Simplicity June 11, 2012
In many of my recipe posts I mention the farmers market. (I say many, and I’ve only been posting for a few weeks, but just let it go.) This “farmers market” is so unique here as it is an Amish market. Sure, I’m in Pennsylvania, but Amish country is about an hour and half west and although I love making that trip now and then, I am glad the Amish sellers make it here every week. The Bristol Amish Market is why I love farmers markets and anything like a farmers market. I go at least once a month and they have the most fresh vegetables, meats, fish, bakery items, cheeses, and more. What’s even better is the fact the Amish do not use hormones, pesticides, and other crazy things to mess up perfectly wonderful food. I feel confident in what I buy. I like that I have to rinse the vegetables because there is dirt on them – they should have dirt on them because they grow in the ground! Take the time to check out the markets in your area, it’s worth it. Once you grow or buy a vegetable from a non-commercial source, you will realize strange things: celery actually has flavor, a head of garlic isn’t that big, and carrots actually come in different colors! Even more, visit a pick your own orchard or farm for a really different, satisfying, and fun afternoon. Kids who grow or pick their own vegetables tend to eat more fresh foods – same with adults. Find pick your owns and farmers markets in your area.
Fresh Radishes June 9, 2012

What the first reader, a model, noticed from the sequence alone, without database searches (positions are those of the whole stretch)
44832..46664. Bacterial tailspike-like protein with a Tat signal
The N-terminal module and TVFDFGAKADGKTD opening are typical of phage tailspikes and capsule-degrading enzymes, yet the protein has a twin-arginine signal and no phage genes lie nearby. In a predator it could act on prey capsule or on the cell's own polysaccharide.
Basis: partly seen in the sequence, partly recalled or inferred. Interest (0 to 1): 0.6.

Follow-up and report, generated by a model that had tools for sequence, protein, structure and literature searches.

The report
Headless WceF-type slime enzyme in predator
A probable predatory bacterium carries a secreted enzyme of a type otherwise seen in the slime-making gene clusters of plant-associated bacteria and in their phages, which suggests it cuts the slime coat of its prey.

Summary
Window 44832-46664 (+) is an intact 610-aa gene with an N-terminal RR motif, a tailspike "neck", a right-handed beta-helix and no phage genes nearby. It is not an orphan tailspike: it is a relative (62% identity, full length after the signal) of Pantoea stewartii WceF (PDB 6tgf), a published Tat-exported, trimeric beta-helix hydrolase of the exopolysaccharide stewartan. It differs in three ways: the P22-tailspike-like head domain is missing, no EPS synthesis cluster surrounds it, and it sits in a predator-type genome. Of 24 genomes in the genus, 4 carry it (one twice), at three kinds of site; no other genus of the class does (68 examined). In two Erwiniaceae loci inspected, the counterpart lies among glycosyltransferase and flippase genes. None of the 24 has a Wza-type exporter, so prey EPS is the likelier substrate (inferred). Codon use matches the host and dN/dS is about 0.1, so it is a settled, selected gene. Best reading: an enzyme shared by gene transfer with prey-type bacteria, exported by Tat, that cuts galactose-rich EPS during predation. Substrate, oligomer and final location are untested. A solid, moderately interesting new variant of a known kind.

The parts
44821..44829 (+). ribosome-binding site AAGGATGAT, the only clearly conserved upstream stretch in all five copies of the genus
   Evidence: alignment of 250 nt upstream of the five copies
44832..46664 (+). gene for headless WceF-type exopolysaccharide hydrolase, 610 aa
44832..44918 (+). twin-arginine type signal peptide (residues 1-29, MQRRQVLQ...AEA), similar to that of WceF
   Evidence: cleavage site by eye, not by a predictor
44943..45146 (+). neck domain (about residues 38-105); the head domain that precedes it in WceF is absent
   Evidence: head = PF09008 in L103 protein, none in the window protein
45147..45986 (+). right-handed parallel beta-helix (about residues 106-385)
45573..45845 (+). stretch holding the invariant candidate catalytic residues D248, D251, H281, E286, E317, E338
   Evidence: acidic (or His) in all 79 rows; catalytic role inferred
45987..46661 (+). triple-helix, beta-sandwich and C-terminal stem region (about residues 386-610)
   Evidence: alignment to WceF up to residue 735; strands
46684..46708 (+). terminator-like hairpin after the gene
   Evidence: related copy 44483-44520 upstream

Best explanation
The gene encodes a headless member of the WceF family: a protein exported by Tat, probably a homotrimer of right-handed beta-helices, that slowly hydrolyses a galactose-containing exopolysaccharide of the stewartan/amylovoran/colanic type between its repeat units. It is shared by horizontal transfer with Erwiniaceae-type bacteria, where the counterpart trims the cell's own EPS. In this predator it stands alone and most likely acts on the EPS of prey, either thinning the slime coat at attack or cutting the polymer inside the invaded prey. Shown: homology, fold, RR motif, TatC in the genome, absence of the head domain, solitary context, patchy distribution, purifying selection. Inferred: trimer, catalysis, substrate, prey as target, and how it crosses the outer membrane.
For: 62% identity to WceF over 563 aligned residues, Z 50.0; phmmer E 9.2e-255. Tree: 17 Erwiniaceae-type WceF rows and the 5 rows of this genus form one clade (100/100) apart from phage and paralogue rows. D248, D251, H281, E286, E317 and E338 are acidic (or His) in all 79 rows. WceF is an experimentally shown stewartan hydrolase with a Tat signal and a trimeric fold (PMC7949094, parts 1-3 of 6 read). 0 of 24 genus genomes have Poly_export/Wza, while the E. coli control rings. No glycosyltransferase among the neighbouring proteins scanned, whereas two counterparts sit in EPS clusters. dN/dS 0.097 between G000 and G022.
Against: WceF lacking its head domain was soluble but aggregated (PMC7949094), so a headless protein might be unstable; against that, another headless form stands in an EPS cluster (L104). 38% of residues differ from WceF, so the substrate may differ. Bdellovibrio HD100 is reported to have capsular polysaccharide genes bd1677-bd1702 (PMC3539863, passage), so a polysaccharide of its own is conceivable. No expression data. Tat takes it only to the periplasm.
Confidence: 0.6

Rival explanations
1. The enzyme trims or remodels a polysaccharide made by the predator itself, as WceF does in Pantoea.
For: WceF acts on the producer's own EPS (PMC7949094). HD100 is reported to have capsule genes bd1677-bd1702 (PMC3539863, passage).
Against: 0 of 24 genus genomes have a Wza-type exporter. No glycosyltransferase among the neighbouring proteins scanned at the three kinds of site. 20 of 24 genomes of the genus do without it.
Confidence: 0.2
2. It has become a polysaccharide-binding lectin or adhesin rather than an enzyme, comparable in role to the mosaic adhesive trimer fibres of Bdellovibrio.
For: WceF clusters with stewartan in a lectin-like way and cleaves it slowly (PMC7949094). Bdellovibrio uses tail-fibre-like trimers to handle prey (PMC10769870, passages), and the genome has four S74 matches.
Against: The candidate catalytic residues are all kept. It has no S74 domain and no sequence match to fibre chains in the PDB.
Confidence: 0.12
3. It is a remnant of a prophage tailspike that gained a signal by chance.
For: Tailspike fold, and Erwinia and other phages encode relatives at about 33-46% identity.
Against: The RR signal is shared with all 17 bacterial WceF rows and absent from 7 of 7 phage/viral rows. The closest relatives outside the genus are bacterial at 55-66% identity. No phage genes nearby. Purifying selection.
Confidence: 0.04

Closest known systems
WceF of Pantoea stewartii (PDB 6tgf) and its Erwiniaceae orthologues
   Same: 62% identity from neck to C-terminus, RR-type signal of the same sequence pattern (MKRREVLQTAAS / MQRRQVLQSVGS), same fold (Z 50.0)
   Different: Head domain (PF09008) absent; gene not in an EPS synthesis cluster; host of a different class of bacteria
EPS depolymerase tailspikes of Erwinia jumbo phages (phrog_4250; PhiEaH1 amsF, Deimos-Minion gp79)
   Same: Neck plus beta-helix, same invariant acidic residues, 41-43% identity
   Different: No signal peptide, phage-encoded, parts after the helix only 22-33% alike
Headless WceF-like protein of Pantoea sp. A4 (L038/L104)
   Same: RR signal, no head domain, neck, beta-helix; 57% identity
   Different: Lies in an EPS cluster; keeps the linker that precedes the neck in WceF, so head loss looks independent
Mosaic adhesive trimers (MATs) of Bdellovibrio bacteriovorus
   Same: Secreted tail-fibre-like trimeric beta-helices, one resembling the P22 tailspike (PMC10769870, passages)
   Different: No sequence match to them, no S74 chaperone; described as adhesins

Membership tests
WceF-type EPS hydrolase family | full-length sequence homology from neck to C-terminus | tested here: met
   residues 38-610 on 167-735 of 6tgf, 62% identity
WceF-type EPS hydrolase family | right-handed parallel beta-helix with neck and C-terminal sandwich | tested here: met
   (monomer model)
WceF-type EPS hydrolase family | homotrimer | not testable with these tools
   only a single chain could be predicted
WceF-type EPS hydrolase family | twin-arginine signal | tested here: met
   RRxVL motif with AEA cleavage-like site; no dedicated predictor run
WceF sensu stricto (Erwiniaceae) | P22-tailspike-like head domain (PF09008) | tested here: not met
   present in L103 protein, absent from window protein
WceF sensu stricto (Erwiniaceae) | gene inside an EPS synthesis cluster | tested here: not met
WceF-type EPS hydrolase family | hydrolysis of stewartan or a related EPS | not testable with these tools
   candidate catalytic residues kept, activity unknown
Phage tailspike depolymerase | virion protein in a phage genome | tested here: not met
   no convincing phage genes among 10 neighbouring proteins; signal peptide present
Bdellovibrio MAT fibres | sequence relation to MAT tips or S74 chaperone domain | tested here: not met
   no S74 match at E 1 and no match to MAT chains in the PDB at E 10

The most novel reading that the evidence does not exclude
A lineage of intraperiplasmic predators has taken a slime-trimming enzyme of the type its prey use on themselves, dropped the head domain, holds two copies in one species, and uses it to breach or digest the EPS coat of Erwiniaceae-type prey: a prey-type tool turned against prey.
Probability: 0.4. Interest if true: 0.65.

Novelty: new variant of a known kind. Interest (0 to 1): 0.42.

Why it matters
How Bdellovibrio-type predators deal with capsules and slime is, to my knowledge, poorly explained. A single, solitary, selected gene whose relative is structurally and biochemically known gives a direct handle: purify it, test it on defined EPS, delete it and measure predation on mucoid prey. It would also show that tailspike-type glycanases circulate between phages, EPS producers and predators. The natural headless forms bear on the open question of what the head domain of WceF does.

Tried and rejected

There is nothing I love more than going out the garden, picking a vegetable, and coming inside to prepare it. It’s the freshest food you can ever eat. See that dirt? That’s the sign of real, fresh food. What I love about gardening is that I know where, how, and when it was grown – I know that dirt. No surprises. I know I didn’t genetically modify the radish to have a limit of five leaves and grow uniform two inch diameter roots. That’s the joy of it. Real food comes in various shapes, sizes, and colors. But really, this variation is the most beautiful. Like people – wouldn’t it be boring if we all looked, acted, and thought the same?
Roasted Radishes with Greens
4-5 large radishes with greens attached
2 Tbsp. extra virgin olive oil
salt & pepper, to taste
2 Tbsp. butter
1 clove garlic, chopped
1 Tbsp. fresh lemon juice
3 cherry tomatoes
1. Preheat oven to 500. Rinse radishes. Separate leaves from radishes and slice radishes. Chop greens and set aside.
2. In a medium, oven proof skillet, add olive oil and heat until shimmering over medium-high heat and add radish slices. Salt and pepper to taste. Cook until radishes begin to get brown spots, about 2 minutes.
3. Place skillet in preheated oven and roast radishes until crisp-tender, about 12 minutes.